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I am creating a game where a caveman is throwing rocks, and when you click, a rock spawns. the first five or so work fine, then it waits until the rocks get off the screen and then they can spawn again. I would like them to spawn whenever i click.

Thanks in advance

Code:

 package com.russell.raphael.birds;

import java.awt.Toolkit;
import java.awt.event.MouseAdapter;
import java.awt.event.MouseEvent;
import java.awt.event.MouseListener;

import javax.swing.ImageIcon;
import javax.swing.JFrame;
import javax.swing.JLabel;
import javax.swing.JOptionPane;
import javax.swing.JPanel;

@SuppressWarnings("serial")

public class Start extends JFrame {

    ImageIcon landImage, manImage, skyImage, RockPileImage, RockImage;
    JLabel skylbl, manlbl, landlbl, rockPilelbl;
    Bird[] birds = new Bird[10];
    Rock[] rocks = new Rock[10000];

    public static MouseListener throwrock;

    public static void main(String[] args){

        new Start();

    }

    public Start() {

        setVisible(true);

        initComp();
        setSize(1000, 1100);
        setDefaultCloseOperation(JFrame.EXIT_ON_CLOSE);
        setLocationRelativeTo(null);
        setTitle("Not the Birds!!!");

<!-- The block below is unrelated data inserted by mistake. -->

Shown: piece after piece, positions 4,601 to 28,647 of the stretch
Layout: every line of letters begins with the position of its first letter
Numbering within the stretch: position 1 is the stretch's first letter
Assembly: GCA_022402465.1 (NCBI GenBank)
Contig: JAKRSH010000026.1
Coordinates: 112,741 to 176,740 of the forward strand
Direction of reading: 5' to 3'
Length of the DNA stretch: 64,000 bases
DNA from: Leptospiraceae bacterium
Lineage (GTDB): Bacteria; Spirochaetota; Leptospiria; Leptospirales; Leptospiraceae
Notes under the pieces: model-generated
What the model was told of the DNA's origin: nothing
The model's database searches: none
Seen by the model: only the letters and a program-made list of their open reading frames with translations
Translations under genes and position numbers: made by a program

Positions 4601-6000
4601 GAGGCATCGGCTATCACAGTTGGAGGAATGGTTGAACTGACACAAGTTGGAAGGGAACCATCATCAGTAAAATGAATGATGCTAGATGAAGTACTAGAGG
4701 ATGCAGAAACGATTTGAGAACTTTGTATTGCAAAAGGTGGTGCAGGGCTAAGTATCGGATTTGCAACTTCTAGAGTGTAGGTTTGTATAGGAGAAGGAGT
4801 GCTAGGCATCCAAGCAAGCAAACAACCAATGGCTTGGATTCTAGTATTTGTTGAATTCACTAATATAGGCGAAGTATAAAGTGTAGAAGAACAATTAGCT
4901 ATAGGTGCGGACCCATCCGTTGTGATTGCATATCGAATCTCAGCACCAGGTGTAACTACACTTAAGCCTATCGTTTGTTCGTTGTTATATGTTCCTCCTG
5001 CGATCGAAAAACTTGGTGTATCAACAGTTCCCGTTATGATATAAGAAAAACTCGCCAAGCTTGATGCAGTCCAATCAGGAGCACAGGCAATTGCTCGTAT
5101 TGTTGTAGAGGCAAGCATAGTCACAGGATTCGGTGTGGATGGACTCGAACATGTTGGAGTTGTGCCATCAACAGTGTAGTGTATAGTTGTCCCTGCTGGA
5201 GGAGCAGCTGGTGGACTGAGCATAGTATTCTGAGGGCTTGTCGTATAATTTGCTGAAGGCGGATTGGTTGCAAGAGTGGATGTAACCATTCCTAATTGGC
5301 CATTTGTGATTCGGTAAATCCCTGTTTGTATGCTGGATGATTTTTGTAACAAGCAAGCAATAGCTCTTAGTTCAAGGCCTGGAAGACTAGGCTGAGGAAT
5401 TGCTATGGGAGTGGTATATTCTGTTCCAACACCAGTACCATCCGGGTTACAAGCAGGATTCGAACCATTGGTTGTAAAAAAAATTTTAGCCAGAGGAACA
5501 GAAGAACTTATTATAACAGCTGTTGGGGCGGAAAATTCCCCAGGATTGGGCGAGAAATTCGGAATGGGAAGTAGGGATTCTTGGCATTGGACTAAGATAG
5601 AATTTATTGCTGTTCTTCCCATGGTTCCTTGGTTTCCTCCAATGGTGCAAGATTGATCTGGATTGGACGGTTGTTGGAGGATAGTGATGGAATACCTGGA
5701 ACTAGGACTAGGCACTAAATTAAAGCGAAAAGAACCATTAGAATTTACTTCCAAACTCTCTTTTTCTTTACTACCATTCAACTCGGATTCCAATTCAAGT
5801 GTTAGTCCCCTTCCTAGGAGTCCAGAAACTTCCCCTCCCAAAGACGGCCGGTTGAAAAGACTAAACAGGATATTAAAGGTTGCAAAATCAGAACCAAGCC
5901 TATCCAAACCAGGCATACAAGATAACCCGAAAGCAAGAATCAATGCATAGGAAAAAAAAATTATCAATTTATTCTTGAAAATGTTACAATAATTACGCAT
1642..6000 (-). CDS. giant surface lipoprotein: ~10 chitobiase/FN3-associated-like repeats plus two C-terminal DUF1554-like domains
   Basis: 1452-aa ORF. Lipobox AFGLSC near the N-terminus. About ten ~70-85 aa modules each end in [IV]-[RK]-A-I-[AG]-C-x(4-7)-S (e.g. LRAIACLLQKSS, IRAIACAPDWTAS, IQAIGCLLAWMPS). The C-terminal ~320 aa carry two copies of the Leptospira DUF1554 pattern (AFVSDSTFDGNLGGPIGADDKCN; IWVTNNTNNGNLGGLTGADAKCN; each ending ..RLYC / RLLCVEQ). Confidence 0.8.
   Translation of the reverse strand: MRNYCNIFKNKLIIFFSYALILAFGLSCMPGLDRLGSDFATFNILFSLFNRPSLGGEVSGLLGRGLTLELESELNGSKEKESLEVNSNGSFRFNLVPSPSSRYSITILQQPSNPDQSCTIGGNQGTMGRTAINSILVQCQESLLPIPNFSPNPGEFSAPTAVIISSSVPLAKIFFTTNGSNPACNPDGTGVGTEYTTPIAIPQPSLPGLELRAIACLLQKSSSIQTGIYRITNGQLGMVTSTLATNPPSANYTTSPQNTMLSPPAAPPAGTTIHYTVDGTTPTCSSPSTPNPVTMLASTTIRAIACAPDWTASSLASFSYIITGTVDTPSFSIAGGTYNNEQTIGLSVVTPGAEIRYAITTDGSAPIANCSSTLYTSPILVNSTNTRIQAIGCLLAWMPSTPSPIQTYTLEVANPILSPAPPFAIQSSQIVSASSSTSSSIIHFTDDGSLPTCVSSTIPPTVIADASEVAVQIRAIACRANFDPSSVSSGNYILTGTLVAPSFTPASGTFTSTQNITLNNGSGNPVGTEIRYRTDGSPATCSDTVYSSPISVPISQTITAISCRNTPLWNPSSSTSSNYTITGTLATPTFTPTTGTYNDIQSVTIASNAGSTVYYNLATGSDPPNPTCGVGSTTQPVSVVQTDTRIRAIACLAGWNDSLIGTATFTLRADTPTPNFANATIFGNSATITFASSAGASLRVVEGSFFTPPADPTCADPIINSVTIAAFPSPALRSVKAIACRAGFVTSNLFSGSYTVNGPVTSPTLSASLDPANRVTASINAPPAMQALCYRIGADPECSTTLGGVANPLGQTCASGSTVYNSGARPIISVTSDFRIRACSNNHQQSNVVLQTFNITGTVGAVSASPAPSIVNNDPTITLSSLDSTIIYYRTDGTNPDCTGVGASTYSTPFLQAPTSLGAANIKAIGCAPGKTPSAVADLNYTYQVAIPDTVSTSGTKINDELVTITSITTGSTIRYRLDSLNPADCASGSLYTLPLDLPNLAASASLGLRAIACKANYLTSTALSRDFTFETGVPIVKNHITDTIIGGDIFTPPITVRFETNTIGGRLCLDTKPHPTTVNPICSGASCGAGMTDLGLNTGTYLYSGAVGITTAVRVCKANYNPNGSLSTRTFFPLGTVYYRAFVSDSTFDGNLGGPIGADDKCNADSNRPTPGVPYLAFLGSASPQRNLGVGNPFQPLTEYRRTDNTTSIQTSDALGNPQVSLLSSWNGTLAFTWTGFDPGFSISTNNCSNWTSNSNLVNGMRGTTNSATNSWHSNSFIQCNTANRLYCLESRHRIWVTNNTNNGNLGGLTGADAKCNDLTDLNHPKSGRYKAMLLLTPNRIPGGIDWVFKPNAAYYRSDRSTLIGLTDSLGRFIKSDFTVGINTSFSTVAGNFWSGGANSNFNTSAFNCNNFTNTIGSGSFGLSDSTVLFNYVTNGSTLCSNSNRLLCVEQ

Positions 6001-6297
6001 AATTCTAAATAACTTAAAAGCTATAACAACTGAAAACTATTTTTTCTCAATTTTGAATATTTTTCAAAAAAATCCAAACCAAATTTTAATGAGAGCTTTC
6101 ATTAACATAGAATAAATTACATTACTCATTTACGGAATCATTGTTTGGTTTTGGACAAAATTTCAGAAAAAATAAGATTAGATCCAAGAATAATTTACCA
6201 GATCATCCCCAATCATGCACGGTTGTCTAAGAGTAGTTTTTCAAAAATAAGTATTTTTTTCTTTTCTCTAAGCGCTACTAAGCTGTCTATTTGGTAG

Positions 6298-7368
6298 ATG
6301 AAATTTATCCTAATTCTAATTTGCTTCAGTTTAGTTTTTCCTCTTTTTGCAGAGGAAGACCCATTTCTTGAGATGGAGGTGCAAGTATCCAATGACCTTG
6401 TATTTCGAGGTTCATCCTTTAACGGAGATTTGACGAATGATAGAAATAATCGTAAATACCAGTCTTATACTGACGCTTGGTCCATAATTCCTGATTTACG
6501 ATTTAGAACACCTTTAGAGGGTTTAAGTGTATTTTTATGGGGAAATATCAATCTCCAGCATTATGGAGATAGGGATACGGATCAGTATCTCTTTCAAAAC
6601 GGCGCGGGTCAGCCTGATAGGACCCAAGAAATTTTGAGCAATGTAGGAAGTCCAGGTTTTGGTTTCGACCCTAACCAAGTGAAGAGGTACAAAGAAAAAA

setIconImage(Toolkit.getDefaultToolkit().getImage(Start.class.getResource("/com/russell/raphael/images/Icon.png")));

    }

    private void initComp() {

        throwrock = new MouseAdapter() {
            @Override
            public void mouseClicked(MouseEvent e) {
                int eventX = 0, eventY = 0, sourceX = 420, sourceY = 840;
                int rise = 0, run = 0;

                try {
                    JLabel source = (JLabel) e.getSource();

                    eventX = (source.getLocation().x) + (e.getX());
                    eventY = (source.getLocation().y) + (e.getY());
                    rise = Math.abs(eventY - sourceY);
                    run = eventX - sourceX;


                    nextRock().start(rise, run);

                } catch (Exception ex) {

                    ex.printStackTrace();
                }

            }

        };

        setResizable(false);

        for(int counter =0; counter < rocks.length; counter++){

            rocks[counter] = new Rock();
            getContentPane().add(rocks[counter]);

        }

        landImage = new ImageIcon(
                Start.class.getResource("/com/russell/raphael/images/land.png"));
        manImage = new ImageIcon(
                Start.class.getResource("/com/russell/raphael/images/man.png"));
        skyImage = new ImageIcon(
                Start.class.getResource("/com/russell/raphael/images/sky.jpg"));
        RockPileImage = new ImageIcon(
                Start.class
                        .getResource("/com/russell/raphael/images/rockpile.png"));

        getContentPane().setLayout(null);

        skylbl = new JLabel(skyImage);